Friday, October 29, 2010

Update

The heavy rains are still on track for Monday and early Tuesday for the Olympics and North Cascades, although the current runs are not quite as extreme.

The intense storm in the Gulf of Alaska is now forming--here is the wind field over the Pacific for 11 PM tomorrow. Just amazing. The white areas are higher than 55 kts sustained winds....essentially hurricane force. This IS a hurricane...but a midlatitude one. And keep in mind that strong winds, a long-lasting storm, and large fetch produce big waves.

And yes, the waves are forecast to be enormous...here is the prediction from the NOAA Wavewatch 3 model. The pinks are waves greater than 15 meters (49 feet). These waves are NOT heading here.

On Monday a strong current of warm, moist air will be heading right into us..at 5000 ft the winds are forecast to be 50 kts and 50F from the southwest. Here is the latest rainfall forecast for the 24 h ending 5 AM on Tuesday. Not quite as extreme as last night's prediction with only a small area with more than five inches. Still plenty to bring some of the rivers of the Olympics to flood stage. And one has to watch some of the North Cascade rivers like the Skagit and Stillaguamish..if you are near either of these I would be prepared. The National Weather Service is now putting out hydrological statements outlining some of the threats noted above.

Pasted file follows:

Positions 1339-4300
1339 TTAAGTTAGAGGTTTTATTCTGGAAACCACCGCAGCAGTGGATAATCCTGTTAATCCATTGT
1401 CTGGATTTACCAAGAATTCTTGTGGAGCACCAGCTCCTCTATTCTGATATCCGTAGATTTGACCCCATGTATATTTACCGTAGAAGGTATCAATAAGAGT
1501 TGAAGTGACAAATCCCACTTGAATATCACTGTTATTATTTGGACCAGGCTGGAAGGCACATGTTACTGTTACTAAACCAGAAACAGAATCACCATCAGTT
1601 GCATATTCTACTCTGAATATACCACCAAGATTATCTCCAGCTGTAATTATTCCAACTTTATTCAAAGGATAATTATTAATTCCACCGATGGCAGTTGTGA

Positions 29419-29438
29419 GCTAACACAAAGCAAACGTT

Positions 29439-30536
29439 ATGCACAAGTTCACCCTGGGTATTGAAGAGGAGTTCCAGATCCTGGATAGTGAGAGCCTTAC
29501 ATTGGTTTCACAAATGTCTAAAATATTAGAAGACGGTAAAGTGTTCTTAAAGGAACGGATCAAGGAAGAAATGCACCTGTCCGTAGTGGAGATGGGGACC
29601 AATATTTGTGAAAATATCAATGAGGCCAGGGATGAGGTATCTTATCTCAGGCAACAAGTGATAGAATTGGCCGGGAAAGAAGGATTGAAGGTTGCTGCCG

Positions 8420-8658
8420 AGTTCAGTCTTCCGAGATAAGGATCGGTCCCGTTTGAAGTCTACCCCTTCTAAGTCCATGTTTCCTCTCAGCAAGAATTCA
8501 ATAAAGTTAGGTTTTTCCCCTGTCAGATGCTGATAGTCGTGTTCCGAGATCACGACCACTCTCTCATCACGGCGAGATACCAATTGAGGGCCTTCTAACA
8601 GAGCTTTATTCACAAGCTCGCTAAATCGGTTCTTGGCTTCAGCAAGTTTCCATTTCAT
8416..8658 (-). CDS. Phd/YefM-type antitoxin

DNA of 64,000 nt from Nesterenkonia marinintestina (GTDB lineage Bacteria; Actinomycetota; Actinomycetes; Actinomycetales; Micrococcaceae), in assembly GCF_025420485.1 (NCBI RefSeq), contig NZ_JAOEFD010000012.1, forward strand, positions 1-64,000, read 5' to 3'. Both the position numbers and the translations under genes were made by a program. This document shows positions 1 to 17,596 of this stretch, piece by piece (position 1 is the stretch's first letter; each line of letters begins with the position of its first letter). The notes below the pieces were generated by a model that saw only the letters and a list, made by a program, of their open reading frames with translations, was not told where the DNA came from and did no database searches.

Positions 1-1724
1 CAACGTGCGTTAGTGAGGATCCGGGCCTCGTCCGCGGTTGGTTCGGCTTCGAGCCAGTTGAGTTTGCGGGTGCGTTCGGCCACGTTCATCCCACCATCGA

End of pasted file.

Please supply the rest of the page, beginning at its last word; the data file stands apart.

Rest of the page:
One final note...snow melt might add to the available water. We had quite a bit of snow earlier this week above 3500 ft and a lot of that is going to be melting very fast on Monday.

3 comments:

Marit said...

Cliff - Can you explain why these storms aren't followed and hyped like the Atlantic storms are? Not that I want the hype, but this is clearly a storm of some significance...
Marit

wxwatcherx said...

I have seen the the radar has located a mesocyclone at the base of the Olympic Mountains tonight, I quite often see horizontal circular clouds in the same area that don't seem to orient themselves up and down like a tornado. Quite often meaning a couple dozen times in the 40 years I have gazed in that direction. What gives with this phonomena.?

J said...

@ Marit
East coast bias, Marit. Check out Cliff's posts a few down from this one. The midwest recently had the "biggest" nontropical low in US history. Not even close. Cliff goes on to explain how North West storms easily dominate the storm in Minnesota. Cliff puts it well by saying, "classic US media myopia."
Seattle and the Pacific North West remains as the last frontier. We live amongst the wild. Our existence is little know.